1.  Paraguay  62% 
2.  Hungary  56% 
3.  Poland  55% 
4.  Argentina  54% 
5.  Lithuania  54% 
6.  Romania  53% 
7.  Belarus  52% 
8.  Croatia  51% 
9.  Tajikistan  51% 
10.  Serbia  50% 

Top 10 countries with the highest hypertension treatment rate in 2019


Ranking  Country  Rate as % of all women with hypertension
1.  Republic of Korea 77%
2.  Costa Rica 76%
3.  Kazakhstan 74%
4.  United States of America 73%
5.  Iceland 72%
6.  Venezuela 71%
7.  El Salvador 71%
8.  Portugal 71%
9.  Canada 71%
10.  Slovakia 70%


Ranking  Country  Rate as % of all men with hypertension
1.  Canada 76%
2.  Iceland 71%
3.  Republic of Korea 67%
4.  United States of America 66%
5.  Kazakhstan 66%
6.  Malta 65%
7.  Costa Rica 63%
8.  Germany 61%
9.  Czechia 59%
10.  Singapore 59%

Top 10 countries with the lowest hypertension treatment rate in 2019


Ranking Country Rate as % of all women with hypertension
1. Rwanda 11%
2. Niger 15%
3. Kiribati 15%
4. Ethiopia 16%
5. Vanuatu 16%
6. Tanzania 17%
7. Solomon Islands 17%
8. Madagascar 19%
9. Mozambique 19%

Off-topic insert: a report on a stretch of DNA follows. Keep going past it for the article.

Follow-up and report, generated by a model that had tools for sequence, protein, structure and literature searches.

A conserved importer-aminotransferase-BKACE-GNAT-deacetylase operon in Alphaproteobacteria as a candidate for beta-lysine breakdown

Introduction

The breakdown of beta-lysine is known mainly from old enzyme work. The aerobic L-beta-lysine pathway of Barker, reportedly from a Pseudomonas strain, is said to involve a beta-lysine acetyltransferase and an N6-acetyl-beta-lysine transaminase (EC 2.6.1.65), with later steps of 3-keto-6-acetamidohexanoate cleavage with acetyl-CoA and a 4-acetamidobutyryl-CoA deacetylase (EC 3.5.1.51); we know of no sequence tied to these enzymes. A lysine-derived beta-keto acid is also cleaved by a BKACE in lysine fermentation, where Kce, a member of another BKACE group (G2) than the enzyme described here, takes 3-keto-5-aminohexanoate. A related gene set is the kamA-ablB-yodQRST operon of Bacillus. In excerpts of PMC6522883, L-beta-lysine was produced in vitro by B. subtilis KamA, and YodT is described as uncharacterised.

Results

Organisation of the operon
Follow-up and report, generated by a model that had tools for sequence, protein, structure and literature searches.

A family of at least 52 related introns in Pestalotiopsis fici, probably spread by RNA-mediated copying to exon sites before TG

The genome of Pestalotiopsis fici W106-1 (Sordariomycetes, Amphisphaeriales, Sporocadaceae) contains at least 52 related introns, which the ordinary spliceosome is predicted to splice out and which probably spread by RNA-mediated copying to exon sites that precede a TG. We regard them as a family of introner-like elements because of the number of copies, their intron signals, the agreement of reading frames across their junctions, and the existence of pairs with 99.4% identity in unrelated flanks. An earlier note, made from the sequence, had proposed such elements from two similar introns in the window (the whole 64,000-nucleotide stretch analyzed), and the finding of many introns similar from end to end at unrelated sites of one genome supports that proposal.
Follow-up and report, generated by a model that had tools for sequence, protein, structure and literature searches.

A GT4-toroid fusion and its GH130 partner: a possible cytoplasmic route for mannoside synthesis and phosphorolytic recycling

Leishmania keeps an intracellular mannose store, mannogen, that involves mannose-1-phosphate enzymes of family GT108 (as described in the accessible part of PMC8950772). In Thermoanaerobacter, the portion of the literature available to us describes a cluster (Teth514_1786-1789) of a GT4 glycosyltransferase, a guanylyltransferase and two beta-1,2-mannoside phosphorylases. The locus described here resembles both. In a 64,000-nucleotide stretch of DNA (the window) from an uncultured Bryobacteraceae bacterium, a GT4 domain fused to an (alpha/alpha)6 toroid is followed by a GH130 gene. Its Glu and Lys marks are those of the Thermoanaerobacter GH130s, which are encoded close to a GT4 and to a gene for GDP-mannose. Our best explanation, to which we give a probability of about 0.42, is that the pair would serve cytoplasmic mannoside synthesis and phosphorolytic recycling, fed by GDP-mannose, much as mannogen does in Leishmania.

10. Kenya 21%


Ranking Country Rate as % of all men with hypertension
1. Rwanda 10%
2. Kenya 10%
3. Mozambique 10%
4. Vanuatu 11%
5. Solomon Islands 11%
6. Niger 12%
7. Madagascar 13%
8. Uganda 13%
9. Togo 14%
10. Burkina Faso 14%

Top 10 countries with the largest increase in hypertension prevalence between 1990 and 2019


Ranking Country Percentage point increase (1990 – 2019)
1. Kiribati 13
2. Tonga 13
3. Tuvalu 12
4. Indonesia 12
5. Brunei Darussalam 10
6. Haiti 9
7. Jamaica 9
8. Myanmar 9
9. Samoa 9
10. Uzbekistan 9


Ranking Country Percentage point increase (1990 – 2019)
1. Uzbekistan 15
2. Argentina 13
3. Paraguay 10
4. South Africa 10
5. China 10
6. Brunei Darussalam 9
7. Tajikistan 8
8. Jamaica 8
9. Dominican Republic 8
10. Tuvalu 8

Top 10 countries with the largest decline in hypertension prevalence between 1990 and 2019


Ranking Country Percentage point decrease (1990 – 2019)
1. Germany 18
2. Spain 14
3. Japan 13
4. Singapore 12
5. Russian Federation 12
6. Italy 12
7. Austria 11
8. United Kingdom 11
9. Israel 11
10. Sweden 10


Ranking Country Percentage point decrease (1990 – 2019)
1. Germany 19
2. Switzerland 14
3. United Kingdom 13
4. Finland 12
5. Canada 12
6. Luxembourg 10
7. Norway 10
8. Austria 9
9. Italy 8
10. Malawi 8

Top 10 countries with the largest increase in treatment rate between 1990 and 2019


Ranking Country Percentage point increase (1990 – 2019)
1. Republic of Korea 46
2. Taiwan (Province of China) 38
3. South Africa 36
4. Costa Rica 35
5. Poland 35
6. Venezuela 35
7. Serbia 33
8. Brunei Darussalam 33
9. Singapore 33
10. Colombia 33


Ranking Country Percentage point increase (1990 – 2019)
1. Republic of Korea 50
2. Canada 46
3. Costa Rica 40
4. Germany 39
5. Iceland 39
6. Taiwan (Province of China) 37
7. Kazakhstan 37
8. Poland 36
9. Switzerland 36
10. Norway 34